By Tarik El-Bashir
Washington Post Staff Writer
Friday, March 6, 2009
Alex Ovechkin was ruled out a few hours before the opening faceoff, then Tom Poti left only seconds after it.
That was an ominous beginning to another forgettable night for the skidding Washington Capitals, who fell for the third straight game at Verizon Center to an opponent beneath them in the standings.
While the Capitals' effort was an improvement over the previous two defeats -- lopsided losses to Florida and Carolina -- it wasn't enough against the trade-depleted Toronto Maple Leafs, who escaped with a 2-1 victory despite trading away their second- and fourth-leading scorers at Wednesday's deadline and starting a waiver-wire pickup in net who had not played in the NHL in almost two months.
"We didn't finish and yet he made some great saves," Capitals Coach Bruce Boudreau said of Martin Gerber, who finished with 37 saves in his Toronto debut. "We had enough chances to win two or three games."
The Capitals have had losing streaks of three games twice previously this season. But this one has a different feel, perhaps because each of the defeats has come on home ice, a place where they had been almost unbeatable. Until recently, that is. They've dropped five of their past seven games in the District, scoring one goal twice and two goals three times.
Washington still owns a comfortable 11-point lead in the Southeast Division and the third-best record in the Eastern Conference. But the slump is starting to erode the swagger the team once had.
"We're in that situation where guys are holding their sticks really tight," Boudreau said. "Guys are pressing pretty hard, and we have to get them to play the [way] that won them 40 games already."
Winger Eric Fehr added: "It's definitely tough. We lost one of our best defenders and the best goal scorer in the league. That's not exactly how we wanted it to go."
For only the fourth time in his three-plus seasons, Ovechkin missed a game, sidelined by a bruised heel on his right foot. The reigning MVP was injured when he wandered near the net during Wednesday's practice and was struck by a slap shot off the stick of assistant coach Dean Evason. Ovechkin said during last night's game that he has not had an MRI exam or X-rays and does not believe the injury is serious.
"We want to take it easy and make sure it's going to be okay," Ovechkin said between periods. The Capitals have two days until their next game, a matinee with Pittsburgh. But Ovechkin's status for that game might not be known until tomorrow.
"We're going to see," he said. "Probably. There's no swelling, but it hurts."
Ovechkin, though, wasn't the only surprise scratch. Poti tweaked his groin muscle, and the veteran defenseman returned to the locker room after a seven-second shift to start the game. Without Poti, Coach Bruce Boudreau was forced to move center Sergei Fedorov to defense, and that left the Capitals minus a forward.
Being short-handed was of no help to a club that has suddenly lost its way -- one day after receiving a vote of confidence when General Manager George McPhee chose not to make any deals at the trade deadline.
The Capitals caught a break early when the Maple Leafs, who traded forwards Dominic Moore and Nik Antropov, had an apparent goal wiped out after a review.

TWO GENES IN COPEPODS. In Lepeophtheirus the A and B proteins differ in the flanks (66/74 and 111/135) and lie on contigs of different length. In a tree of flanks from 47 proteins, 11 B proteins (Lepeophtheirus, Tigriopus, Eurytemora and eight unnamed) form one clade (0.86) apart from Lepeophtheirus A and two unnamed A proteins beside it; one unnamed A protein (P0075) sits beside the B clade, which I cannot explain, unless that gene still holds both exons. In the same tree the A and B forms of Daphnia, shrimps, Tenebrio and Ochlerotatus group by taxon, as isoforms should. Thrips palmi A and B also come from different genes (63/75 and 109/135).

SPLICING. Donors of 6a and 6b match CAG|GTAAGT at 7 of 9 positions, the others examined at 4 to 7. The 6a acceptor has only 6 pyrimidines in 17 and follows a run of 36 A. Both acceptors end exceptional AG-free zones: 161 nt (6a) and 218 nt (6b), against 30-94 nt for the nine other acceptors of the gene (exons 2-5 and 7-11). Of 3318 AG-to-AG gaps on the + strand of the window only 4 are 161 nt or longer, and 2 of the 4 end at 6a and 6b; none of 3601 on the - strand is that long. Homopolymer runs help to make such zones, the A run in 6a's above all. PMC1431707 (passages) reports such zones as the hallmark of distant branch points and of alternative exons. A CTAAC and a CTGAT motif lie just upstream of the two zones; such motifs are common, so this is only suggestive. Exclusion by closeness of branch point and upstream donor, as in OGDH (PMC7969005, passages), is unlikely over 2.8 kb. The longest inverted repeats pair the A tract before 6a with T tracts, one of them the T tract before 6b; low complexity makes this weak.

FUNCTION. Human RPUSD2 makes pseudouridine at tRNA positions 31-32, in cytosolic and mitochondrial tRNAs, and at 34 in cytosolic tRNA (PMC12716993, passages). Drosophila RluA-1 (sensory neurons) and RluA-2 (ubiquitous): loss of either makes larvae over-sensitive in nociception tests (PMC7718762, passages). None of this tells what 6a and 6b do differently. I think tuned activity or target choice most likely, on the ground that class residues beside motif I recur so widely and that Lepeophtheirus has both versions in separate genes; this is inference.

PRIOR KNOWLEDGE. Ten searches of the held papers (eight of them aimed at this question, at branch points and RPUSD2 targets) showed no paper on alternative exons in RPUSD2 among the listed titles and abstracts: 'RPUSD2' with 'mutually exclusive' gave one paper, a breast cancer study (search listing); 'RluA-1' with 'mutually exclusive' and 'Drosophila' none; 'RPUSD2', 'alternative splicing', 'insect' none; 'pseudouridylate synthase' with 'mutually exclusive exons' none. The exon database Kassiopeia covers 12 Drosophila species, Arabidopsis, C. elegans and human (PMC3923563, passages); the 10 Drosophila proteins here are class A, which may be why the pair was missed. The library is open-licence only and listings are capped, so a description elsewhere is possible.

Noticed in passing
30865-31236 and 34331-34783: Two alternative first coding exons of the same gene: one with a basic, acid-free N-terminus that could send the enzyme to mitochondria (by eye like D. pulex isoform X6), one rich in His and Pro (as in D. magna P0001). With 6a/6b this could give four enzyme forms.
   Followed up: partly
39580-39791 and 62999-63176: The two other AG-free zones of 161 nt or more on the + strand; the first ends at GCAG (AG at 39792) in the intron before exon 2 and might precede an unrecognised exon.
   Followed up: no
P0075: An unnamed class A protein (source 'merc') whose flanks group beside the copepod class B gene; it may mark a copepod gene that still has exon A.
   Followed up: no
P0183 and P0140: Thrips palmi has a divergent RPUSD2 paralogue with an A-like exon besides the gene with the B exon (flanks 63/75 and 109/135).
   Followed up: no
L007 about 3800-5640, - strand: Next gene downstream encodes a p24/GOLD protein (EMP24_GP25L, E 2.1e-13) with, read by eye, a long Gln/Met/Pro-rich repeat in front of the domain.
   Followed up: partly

Jason Blake collided with José Theodore (27 saves) as he attempted to stuff the puck in with a strong move to the front of the net. Blake lost the puck, but ran over Theodore. The loose puck was backhanded off defenseman Mike Green and then fired into the net by John Mitchell.
But the goal was disallowed after a video review because of Blake's contact with Theodore. Blake, however, was not assessed a penalty.
The score remained 0-0 until the third period, which is when a pair of defensive lapses led to a pair of Toronto goals in the span of 3 minutes 42 seconds.
During a scramble caused by the Capitals' inability to get the puck out of the defensive zone, Toronto's Lee Stempniak fired a shot from behind the goal line off Theodore's pad. The puck deflected into the goal at 6:05 to put Toronto ahead 1-0.
Another scramble in the Washington zone resulted in Pavel Kubina firing a one-timer past Theodore to make it 2-0. Theodore was bumped while moving from post to post.
With about seven minutes remaining in the game, Boudreau screamed at his players as he paced the bench.
"Once we got that first goal scored against us, we started changing our game plan," winger Matt Bradley said, referring to the individual play that has dogged the team during the first three-game home losing streak under Boudreau. "Up until that point -- it wasn't our best game -- but we were pretty solid."
With Theodore on the bench, Alexander Semin scored in the final minute to extend his goal streak to five games, tying the longest of his career.
Earlier in the period, Gerber, who had not played in an NHL game since Jan. 8 as a member of the Ottawa Senators, stopped David Steckel with an outstretched stick while lying on the ice. Then moments later, Gerber thwarted a Semin breakaway with a poke check. Tomas Fleischmann, meantime, misfired on an open net.
"We're a less offensive team" without Ovechkin, Fehr said. "But I think our team is deep enough that we're able to contribute. We have guys that can step up. A couple of shots go a few inches the other way and it's a big win for us."